long gun registry

Scrapping the Long Gun Registry is a Feminist Issue

This article was originally posted at Persephone Magazine. Reposted with permission of Persephone and the author, Millie. Millie is a perpetual grad student, an internationally recognized curmudgeon, and an occasional hugger of trees. She also makes a mean batch of couscous.

Last week, the Conservatives tabled legislation to not only scrap the long gun registry, but also to destroy all the data it currently holds, and again used closure* to shut down debate on it. The registry has reduced gun deaths overall by about 45% since it was introduced, but the Conservatives say it’s too expensive and infringes on the rights of hunters and rural citizens.

Here’s how we got the long gun registry in the first place. On December 6th, 1989, a misogynistic man walked into a classroom at École Polytechnique, an engineering college associated with Université de Montréal, armed with a legally obtained semi-automatic rifle, told the men to leave, declared he was “fighting feminism,” and shot the nine women left in the room (six of whom died). He went on to kill eight more women, and injure seven more women and four men, before turning the gun on himself. December 6th is now National Day of Remembrance and Action on Violence Against Women, and after considerable public outcry (especially in Québec), the long gun registry was enacted in 1995. Just writing that paragraph makes my gut clench in anger.

To legally obtain a long gun in Canada, the potential owner must apply for a permit, and the gun itself must be registered. Police services across the country have access to this registry, so that guns involved in crimes can be traced, and also so police officers can check if, when responding to a call at a residence, they expect that the owner has a gun, and take appropriate precautions. Permits must be renewed every five years, currently. Handguns have been regulated since the 1930s, and are not covered by this legislation.

The effect that the long gun registry has had on gun ownership, gun crime, and gun deaths is stark. The CBC, bastion of excellent information that it is, helpfully compiled this list of statistics about the state of guns in Canada. While the whole list is worth a read, I want to focus specifically on a part at the bottom of the first section:

Since the long gun registry came in in 1995, gun deaths have decreased by 45%. This is across all demographics, all ages, all genders. That’s a huge improvement — the rate of death by long gun has been almost halved, just by having the guns registered. But the reduction of the rate of spousal homicide (which, overwhelming, is femicide — about 80% of spousal deaths are men killing women) is a whopping 74%. Three quarters of women’s deaths by gun at the hands of their spouse can be reduced just by adding a few hoops for the gun owner.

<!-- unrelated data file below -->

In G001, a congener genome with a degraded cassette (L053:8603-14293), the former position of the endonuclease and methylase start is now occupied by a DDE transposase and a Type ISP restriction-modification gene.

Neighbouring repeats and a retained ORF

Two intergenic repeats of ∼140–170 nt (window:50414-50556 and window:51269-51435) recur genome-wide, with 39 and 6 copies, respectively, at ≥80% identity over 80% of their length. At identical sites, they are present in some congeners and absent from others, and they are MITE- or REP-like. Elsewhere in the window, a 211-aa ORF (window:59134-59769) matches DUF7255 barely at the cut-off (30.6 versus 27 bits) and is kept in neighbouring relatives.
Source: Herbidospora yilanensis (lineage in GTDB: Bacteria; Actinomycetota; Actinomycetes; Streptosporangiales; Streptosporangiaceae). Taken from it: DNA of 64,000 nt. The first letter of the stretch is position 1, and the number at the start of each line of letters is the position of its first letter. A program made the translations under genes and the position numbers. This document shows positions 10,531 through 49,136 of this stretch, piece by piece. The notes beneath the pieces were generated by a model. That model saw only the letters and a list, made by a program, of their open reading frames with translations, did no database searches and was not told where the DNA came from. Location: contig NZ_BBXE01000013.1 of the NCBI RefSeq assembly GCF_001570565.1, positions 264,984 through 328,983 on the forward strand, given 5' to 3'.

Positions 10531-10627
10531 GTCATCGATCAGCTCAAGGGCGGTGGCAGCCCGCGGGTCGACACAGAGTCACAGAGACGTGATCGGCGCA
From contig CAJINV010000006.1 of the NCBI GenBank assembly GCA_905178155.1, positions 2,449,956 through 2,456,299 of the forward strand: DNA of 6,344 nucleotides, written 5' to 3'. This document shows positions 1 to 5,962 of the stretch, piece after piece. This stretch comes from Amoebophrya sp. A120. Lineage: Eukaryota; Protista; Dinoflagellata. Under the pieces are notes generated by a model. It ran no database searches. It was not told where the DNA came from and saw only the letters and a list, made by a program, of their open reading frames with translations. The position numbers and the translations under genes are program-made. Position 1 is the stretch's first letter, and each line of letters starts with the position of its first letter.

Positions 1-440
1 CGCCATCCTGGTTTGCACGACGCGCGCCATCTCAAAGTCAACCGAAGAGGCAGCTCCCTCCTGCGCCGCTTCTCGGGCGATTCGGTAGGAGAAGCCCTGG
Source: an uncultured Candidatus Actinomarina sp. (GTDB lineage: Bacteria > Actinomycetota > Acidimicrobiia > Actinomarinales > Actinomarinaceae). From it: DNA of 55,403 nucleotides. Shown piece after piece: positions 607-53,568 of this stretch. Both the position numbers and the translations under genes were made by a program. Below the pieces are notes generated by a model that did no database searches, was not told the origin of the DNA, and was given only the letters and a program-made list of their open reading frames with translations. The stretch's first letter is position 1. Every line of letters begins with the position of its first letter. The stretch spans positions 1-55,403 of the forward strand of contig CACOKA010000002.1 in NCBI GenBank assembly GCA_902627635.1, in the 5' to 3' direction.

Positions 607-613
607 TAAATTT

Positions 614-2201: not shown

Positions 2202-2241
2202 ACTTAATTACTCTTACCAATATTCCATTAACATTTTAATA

And that’s just deaths: I couldn’t find any current statistics on gun injuries inflicted by spouses (again, overwhelmingly likely to be men injuring women), but I’d wager that if gun deaths are decreased by that much with the registry, then gun injuries inflicted by a spouse are likely also drastically reduced.

So this is a registry that helps keep women and police officers safer. It’s reduced gun deaths, injuries, and suicide rates (which are almost 5 times higher in households that have guns). It’s proven effective and is widely used — the registry is accessed about 17,000 times a day. All this is fact, not opinion.

Think about all those numbers in the CBC article for a few minutes, and let them sink in and percolate. Read more

Posted on by Jarrah Hodge in Can-Con, Politics 3 Comments

On December 6, We Remember

On December 6, we remember Geneviève Bergeron, Hélène Colgan, Nathalie Croteau, Barbara Daigneault, Anne-Marie Edward, Maud Haviernick, Barbara Klucznik Widajewicz, Maryse Laganière, Maryse Leclair, Anne-Marie Lemay, Sonia Pelletier, Michèle Richard, Annie St-Arneault, and Annie Turcotte, who were gunned down on this day in Montreal, 1989, because they were women.

Last year I wrote an article for the Vancouver Observer about why we need to care about the Montreal Massacre, even more than twenty years after the fact. I was surprised by the vitriol the article received from people who opposed the long gun registry, which I mentioned supporting. Thankfully the opponents of the registry lost their fight in Parliament, but over the past year there’s been more reason for feminists to be concerned with violence against women than to celebrate victories.

In particularly, rates violence against Aboriginal women – part of our colonialist legacy – are still shockingly high. The Native Women’s Association of Canada identified 153 cases of murder of Aboriginal women between 2000 and 2008: a number which represents 10% of female homicides despite the fact that Aboriginal women make up only 3% of the female population. For more information and statistics, read NWAC’s 2010 Sisters in Spirit report.

Unfortunately our federal government is much better at creating ad campaigns about supporting crime victims than they are at taking real action to stop violence, especially against Aboriginal women. Recently the Harper government announced it would no longer fund NWAC’s work on the Sisters in Spirit campaign, which includes maintaining a database of missing and murdered Aboriginal women.

December 6 is the National Day of Remembrance and Action on Violence Against Women. Today remember the 14 women who died in Montreal, as well as other victims of violence against women, and those women in Canada and around the world who continue to live with the threat of violence every day. We also commit to taking action, keeping situations like the battle over the long gun registry in mind to remind us that when success is possible when feminists and other progressives stand united for equality.


Posted on by Jarrah Hodge in Feminism, Politics 1 Comment